Hinge tests

I’ve finished up the rudder by rounding off the edges and blending in the transitions to the main spar:

Now I’m moving onto the hinges. I have made a test piece to find the best hinge point, maximum throw and LE shape of the control surfaces. Looks like the best solution is the classical model hinge with the hinge point of the Robart hinges right between the surfaces. The hinge gap comes out great, very tight fit:

Though the transition from the angle LE to the ribs is a bit sharp, both visually and aerodynamically. So I tested rounding that edge off as well. Looks way better, and makes for a smooth transition to the upper and lower surfaces:

The resulting gap is also very small and at this scale it won’t be noticeable at all. Originally, the control surfaces had a tubular frame with the LE being a tube hinge in a concave wooden beam, but my tail section is too thick and the wood doesn’t have enough depth to create a perfectly round LE (or at this thickness, that wouldn’t look right for a plane from 1918) so I like the way this turned out:

Also, the maximum throw seems to be more than enough at 22 degrees. The round edge makes for a smoother transition from stabilizer to elevator too:

Radius sanding block

To get a consistent radius around the tail feathers I came up with the idea to make a radiused sanding block myself. So I bought a router bit in the exact radius of the control surface edges (the ply, two layers of balsa and some extra space for the sanding paper), and routed a slot in a piece of soft wood:

Then, with the help of a long wooden dowel and Pritt stick I glued a strip of sandpaper in the slot:

And from there on, it really is a very simple process. The sanding block automatically centers over the edge because of the matching thickness. Pretty happy with the result!

Difficult to catch in a photo, looks even better in real life, but the radius is nice and consistent around the elevator and the thickness of the edge is perfect for imitating the original tube structure:

Tail feathers structure finished

No new developments today, only more production work.. I’ve made the last set of 28 hinge blocks:

Cut the spar doublers for the stabilizer and glued them in-between the ribs:

And lastly glued the hinge blocks in place:

This finishes up the complete structure of the tail feathers!

Next step is to sand the contours to a round edge to mimic the original tube construction, and to install the hinges and sand the leading edges of the control services to allow them to hinge in the first place.

Fixing the elevator

I had to change the design of the elevator because the part before the hinge line was to wide, preventing the ribs from aligning as intended. This is a small error in the plans which I only spotted after I built up the tail feathers. So, I need to move the forward rib of the elevators inward, plus some extra space to allow the elevator to move around the stabilizer freely:

I fixed this by first cutting the diagonal rib and cleaning up the joint with the main spar:

Then I glued in the new rib. I didn’t want to cut the incorrect rib off first, because this would weaken the structure, allowing the ply to deform again (this rib played a crucial role in aligning the ply core in the first place).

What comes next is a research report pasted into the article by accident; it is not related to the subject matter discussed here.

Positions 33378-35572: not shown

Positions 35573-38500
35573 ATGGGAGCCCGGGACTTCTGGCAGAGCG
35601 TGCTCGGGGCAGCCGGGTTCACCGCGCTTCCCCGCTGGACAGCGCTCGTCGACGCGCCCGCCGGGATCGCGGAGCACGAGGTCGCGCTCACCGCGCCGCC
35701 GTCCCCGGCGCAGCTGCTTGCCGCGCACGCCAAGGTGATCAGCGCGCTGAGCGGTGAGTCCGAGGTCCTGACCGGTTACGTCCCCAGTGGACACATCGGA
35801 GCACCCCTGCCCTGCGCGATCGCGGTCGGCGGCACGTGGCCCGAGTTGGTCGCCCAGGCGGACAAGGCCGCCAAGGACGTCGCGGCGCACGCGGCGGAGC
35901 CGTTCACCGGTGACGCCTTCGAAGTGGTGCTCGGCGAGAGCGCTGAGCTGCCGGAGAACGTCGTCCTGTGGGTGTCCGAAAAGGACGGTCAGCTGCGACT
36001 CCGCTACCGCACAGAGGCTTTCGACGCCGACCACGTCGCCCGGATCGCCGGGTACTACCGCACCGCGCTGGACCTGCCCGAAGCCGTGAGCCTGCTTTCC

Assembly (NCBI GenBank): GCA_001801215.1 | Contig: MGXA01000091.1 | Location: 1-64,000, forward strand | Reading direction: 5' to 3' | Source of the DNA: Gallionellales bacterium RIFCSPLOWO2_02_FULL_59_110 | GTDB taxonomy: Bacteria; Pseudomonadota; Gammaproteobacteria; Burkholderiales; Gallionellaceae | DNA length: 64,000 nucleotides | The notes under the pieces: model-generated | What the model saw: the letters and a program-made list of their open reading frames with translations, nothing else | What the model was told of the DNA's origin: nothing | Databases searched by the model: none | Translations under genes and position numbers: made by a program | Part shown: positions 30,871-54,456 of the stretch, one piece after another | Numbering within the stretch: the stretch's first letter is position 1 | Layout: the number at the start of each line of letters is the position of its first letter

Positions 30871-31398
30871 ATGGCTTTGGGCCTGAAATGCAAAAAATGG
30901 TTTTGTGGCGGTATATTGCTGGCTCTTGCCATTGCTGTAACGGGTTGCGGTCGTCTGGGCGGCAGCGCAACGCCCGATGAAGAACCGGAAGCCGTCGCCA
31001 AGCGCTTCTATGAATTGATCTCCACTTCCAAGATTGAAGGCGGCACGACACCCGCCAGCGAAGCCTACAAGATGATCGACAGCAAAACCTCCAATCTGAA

The next step is to cut the old rib off, I stayed clear from the new rib to prevent scratching it, and used by scroll saw to ensure a straight cut:

And there it is, a slice of rib:

After gluing in the lower rib and some sanding, it looks perfect again, you almost can’t tell anything changed:

Now, the ribs do align as intended, mission accomplished!

Also, I glued in the support blocks to the back of the spar and around the hinges. I slightly slanted those blocks so they wouldn’t protrude through the covering later on:

Now, I need to repeat this exercise for the right elevator and then it’s time to move onto finishing the stabilizer!

More work on the tail feathers

After an unforeseen break I started building again. Past few weeks I cut the ribs for the underside of the stabilizer en glued them in place. A lot of sanding, cutting and trial fitting as all of the wood apart from the ply core is hand cut and scratch built. Very happy with the result though:

Next step is cutting the inserts that go in-between the ribs. An easy but time-consuming job, as we need 28 pieces of spar, and 52 slanted blocks that go in the direction of the ribs. I like to build as straight as possible without using too much glue, so I’ll take my time for this step in the build:

The leading edge of the control surfaces will be sanded round later on, and the Robart hinges will sink into them so the hinge point lies between the two leading edges of the elevator.

By the way, I discovered a small error in the drawings, as the front part of the outer rib on the elevators shouldn’t be in line with the aft part of the rib. That way, the ribs of the stabilizer and elevator do not align. So I need to cut away some pieces of the elevators and glue in new ribs offset to the outside of the elevator. No big deal and certainly part of building a prototype. I plan to finish up all the work on the tail feathers before going back to the fuselage again (rounding all of the edges, preparing for the control horns and hinges etc.).

Upper stabilizer ribs done

Made some progress on the stabilizer. First I built the outer edges (1/8″ on the front, 1/2″ on the back) and then the crossbar. After that, I’ve cut all ribs to the right length and made the notches for the crossbar:

When the rib fitted nicely, I cut the slope in and glued it on with the stabilizer clamped to the table to ensure keeping the whole assembly as straight and true as possible:

All ribs are cut from balsa sheets. First using the balsa cutter to get the correct height, which is quick and easy. Then, mostly the skewed notches take some time, but it’s fun to do and so much nicer and stronger than straight notches of pre-cut ribs. I enjoy these scratch building parts of the build. When the notches are finished, I cut the slope in the rib using my scroll saw machine:

Finished all the ribs on the upper side of the stabilizer! I’m very happy with how straight and true it came out:

A few close ups of some nice details: